FAIRMONT — Mayor Charles Kemp looked to the crowd of about 60 people at Tuesday’s National Night Out and wished the space at Fairmont’s Heritage Center was standing-room only.
“I believe in National Night Out … but more importantly, I believe in the citizens taking an active role in their neighborhoods,” he said. “Those are the extra eyes, ears and voices for the Police Department.”
National Night Out went on Tuesday in Fairmont, where the event is inside, but because of the weather it was postponed for another day in Red Springs and Maxton, and canceled altogether in Lumberton.
Fairmont Police Chief Danny Parker seconded Kemp’s sentiments as he announced that since last year’s National Night Out, his force of 11 officers responded to 4,312 calls for service from Fairmont’s population of 2,591 people.
“As law enforcement, we cannot do it alone,” he said. “We need each and every one of you in this room to make sure that we make our community safe … and to be with us as we fight crime.”
Leon Burton, who became an anti-gang activist after serving 15 years in federal prison, said that keeping a close eye on young people is crucial to preventing crime.
“You need to know about your child,” said Burton, who said he once was a member of a gang. “I was one of these kids that was an A and B honor roll student. I acted good around my mom, but when I got in the streets I was a different person.”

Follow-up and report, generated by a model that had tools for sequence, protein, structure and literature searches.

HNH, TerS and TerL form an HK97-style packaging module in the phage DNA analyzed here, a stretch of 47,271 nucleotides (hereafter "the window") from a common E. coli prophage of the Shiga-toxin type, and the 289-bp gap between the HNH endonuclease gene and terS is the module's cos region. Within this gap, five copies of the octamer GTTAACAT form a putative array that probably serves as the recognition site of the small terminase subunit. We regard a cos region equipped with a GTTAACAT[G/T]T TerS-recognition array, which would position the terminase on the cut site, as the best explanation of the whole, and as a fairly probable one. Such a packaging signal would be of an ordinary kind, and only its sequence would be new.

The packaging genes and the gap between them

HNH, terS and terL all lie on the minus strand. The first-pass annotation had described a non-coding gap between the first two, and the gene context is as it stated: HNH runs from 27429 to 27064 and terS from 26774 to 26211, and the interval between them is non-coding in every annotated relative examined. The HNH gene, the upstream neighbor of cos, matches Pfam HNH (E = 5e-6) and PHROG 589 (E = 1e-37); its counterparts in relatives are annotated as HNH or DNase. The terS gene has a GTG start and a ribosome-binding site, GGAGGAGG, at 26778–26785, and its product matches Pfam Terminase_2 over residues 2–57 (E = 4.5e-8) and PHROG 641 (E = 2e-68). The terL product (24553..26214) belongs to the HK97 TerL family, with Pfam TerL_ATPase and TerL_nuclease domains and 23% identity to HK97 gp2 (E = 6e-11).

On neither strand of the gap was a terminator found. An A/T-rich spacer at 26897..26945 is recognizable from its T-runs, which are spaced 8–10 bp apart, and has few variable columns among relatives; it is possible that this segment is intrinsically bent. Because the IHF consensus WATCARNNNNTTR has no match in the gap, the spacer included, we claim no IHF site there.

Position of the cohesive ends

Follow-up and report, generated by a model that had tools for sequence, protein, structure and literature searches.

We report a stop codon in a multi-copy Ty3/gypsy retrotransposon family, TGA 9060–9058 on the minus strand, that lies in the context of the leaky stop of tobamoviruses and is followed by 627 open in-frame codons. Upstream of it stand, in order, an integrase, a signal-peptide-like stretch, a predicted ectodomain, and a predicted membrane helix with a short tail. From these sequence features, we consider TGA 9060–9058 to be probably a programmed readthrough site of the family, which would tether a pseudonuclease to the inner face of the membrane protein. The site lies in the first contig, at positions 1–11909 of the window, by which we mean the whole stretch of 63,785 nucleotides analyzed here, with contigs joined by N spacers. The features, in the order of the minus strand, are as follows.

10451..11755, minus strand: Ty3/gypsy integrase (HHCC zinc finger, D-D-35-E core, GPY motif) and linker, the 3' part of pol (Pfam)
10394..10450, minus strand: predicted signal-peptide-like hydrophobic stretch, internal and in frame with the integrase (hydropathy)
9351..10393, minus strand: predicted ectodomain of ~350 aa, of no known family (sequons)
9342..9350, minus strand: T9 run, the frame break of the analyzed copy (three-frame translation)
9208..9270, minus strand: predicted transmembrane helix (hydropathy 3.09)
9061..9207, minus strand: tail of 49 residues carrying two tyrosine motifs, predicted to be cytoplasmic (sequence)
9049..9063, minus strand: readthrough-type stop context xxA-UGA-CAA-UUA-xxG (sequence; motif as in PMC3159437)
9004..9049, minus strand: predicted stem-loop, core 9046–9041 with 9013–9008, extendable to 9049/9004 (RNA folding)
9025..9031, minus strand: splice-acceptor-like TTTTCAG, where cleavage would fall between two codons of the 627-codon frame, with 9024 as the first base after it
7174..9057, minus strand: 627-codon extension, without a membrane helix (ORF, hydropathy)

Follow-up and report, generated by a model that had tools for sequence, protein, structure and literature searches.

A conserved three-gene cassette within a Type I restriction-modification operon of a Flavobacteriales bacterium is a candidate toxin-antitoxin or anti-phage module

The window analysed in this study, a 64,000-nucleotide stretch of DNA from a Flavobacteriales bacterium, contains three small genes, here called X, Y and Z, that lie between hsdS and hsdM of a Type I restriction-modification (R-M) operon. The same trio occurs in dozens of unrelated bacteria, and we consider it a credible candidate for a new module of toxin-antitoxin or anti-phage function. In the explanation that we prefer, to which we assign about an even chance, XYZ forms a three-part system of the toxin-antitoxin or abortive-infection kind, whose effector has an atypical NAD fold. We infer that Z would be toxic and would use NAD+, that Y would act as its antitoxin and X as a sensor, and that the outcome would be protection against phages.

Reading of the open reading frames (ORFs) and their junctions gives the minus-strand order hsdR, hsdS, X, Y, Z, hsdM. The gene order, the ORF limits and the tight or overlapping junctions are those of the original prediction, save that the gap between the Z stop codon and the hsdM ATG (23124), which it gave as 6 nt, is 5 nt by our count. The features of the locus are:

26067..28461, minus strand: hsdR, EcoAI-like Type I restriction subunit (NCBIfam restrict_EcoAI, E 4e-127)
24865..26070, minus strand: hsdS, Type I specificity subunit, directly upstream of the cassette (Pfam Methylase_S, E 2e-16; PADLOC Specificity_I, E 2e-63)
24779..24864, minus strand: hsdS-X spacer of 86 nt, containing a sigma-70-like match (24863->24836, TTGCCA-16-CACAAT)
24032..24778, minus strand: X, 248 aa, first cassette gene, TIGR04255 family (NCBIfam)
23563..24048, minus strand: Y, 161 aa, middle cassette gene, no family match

Burton said that he spent time in prison with people who were 18 and 19 years old and who were “being raised by the prison system.”
“It’s not the chief’s job, it’s not the mayor’s job, it’s not the police job to help raise your child,” he said. “Sometimes, you need to raise your child.”
Melvin Rodgers, who leads the neighborhood watch in Fairmont’s Happy Hill area, was in the audience along with his wife Mary and their 3-year-old granddaughter Makiya.
“Anytime there’s an event with information about crime in the community, that gets put on the front burner,” Rodgers said.
Others, like Sharon and Ava Lewis, said they were there to “support the town.” Fairmont natives John and Sally Morgan said they wanted to show support for the “town, police officers, and the country as well.”
As part of the Fairmont event, members of the Fairmont Police Department were introduced; a senior citizen choir, the Sensational Seniors of Fairmont, performed; Wendy Doeller, music director at Trinity Methodist Church, sang the national anthem; and the Rev. James Malloy gave the invocation. James Smith, of the Safe Neighborhoods Program, gave residents tips on how to help prevent crime at their homes — including locking doors, securing windows and keeping foliage trimmed to eliminate hiding places.
National Night Out was started in 1984 by the National Association of Town Watch to heighten crime and drug prevention awareness, generate support for local anti crime programs and strengthen neighborhood spirit and police-community partnerships.
Maxton’s event has been rescheduled for 6 p.m. today at Beacham Park. Red Springs has not yet set a date.